Superfund sites cannot be deleted from the NPL until RA is complete and all cleanup goals are met. Not surprisingly, Superfund sites can stay on the NPL for a long time. To expedite cleanup and get sites out of the process more quickly, the report also includes recommendations targeted at deleting, or partially deleting, sites from the NPL. The recommendations encourage partial deletions, where cleanup is complete at a portion of the site allowing earlier reuse where possible. In addition, EPA is implementing management tools to track sites through the deletion process and remove obstacles more quickly. The report highlights the need to track institutional controls, as the technological remedy may be completed at the site, but the institutional controls have not been put in place.
Agency efforts appear to be working. According to the report, in FY 2018 EPA deleted 18 sites and portions of four, the largest number of site deletions since 2005. Three of these deleted sites — Fulton Terminals in New York, Whitehouse Oil Pits in Florida, and Frontier Hard Chrome in Washington — had been on the NPL since the first NPL listing in 1983.
EPA also evaluated tools to keep large sites from requiring NPL listing. The report promotes the use of RCRA and state cleanup actions to clean up sites that would qualify for the NPL (NPL-caliber sites) without actually listing them as superfund sites. This emphasis on state cleanup may have impacts on the pace of cleanup and the criteria used to measure cleanup success.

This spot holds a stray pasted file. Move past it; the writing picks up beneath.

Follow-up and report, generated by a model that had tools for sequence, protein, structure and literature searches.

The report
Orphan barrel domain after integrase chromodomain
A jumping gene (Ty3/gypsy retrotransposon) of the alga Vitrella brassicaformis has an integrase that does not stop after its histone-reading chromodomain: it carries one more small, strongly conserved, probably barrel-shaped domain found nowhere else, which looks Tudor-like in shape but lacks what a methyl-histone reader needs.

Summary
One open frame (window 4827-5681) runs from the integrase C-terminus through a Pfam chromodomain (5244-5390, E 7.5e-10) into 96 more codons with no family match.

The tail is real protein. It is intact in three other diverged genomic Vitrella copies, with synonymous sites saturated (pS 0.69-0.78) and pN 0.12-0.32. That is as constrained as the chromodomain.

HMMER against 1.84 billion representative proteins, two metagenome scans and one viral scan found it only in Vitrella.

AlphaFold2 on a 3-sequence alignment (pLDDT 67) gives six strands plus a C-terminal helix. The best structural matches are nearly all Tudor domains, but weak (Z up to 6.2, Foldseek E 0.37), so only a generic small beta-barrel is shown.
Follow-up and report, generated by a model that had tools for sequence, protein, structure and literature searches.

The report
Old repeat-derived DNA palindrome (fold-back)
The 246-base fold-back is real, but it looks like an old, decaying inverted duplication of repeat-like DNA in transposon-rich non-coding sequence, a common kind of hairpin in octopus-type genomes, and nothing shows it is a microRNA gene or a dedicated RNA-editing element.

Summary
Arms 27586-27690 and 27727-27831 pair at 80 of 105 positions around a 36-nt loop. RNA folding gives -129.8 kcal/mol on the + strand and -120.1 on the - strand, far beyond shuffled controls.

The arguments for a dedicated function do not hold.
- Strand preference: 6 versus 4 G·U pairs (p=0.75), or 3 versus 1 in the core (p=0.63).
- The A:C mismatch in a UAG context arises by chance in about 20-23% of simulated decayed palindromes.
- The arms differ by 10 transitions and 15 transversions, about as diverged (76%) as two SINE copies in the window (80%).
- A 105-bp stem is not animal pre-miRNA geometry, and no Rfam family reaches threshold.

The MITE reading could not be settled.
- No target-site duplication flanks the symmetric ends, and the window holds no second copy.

Expedited Pace of RD/RA Negotiations
In an effort to shorten the timeframe for consent decree negotiations, the report highlights available EPA tools to encourage PRPs to wrap up RD and RA more quickly. The report promotes bifurcating RD and RA where negotiating both is likely to be protracted, and using increased unilateral enforcement as a tool for speeding up completion. The report recommends a performance metric of 70% of RD and RA negotiations to be completed within a year and will hold the regions accountable for meeting this metric.
Renewed Commitment to Reuse and Redevelopment
With a stated goal to cleanup sites more quickly so that properties can get back into the communities, the task force provides recommendations aimed at encouraging redevelopment, which goes to the third and fourth goals of the report. These include increased use of the “look first” provisions in CERCLA settlements involving third parties who have assumed cleanup responsibilities at Superfund sites. Under this approach, EPA agrees to seek performance from a third party first before pursuing enforcement against settling PRPs, which provides a degree of certainty to settling parties. Along with this, the task force report encourages more frequent use of comfort letters to encourage redevelopment by Bona Fide Prospective Purchasers. However, the task force recommendations also discuss guidance that requires EPA regions to consult with headquarters prior to disbursing special account funds to Bona Fide Prospective Purchasers as an incentive to perform cleanup work, which could have the potential to slow down approval, to the extent these funds are available at all.
This report clearly shows the administration’s intentions to involve the Administrator more centrally in the Superfund process; complete the cleanup process, and encourage redevelopment. Time will tell whether these efforts bear fruit.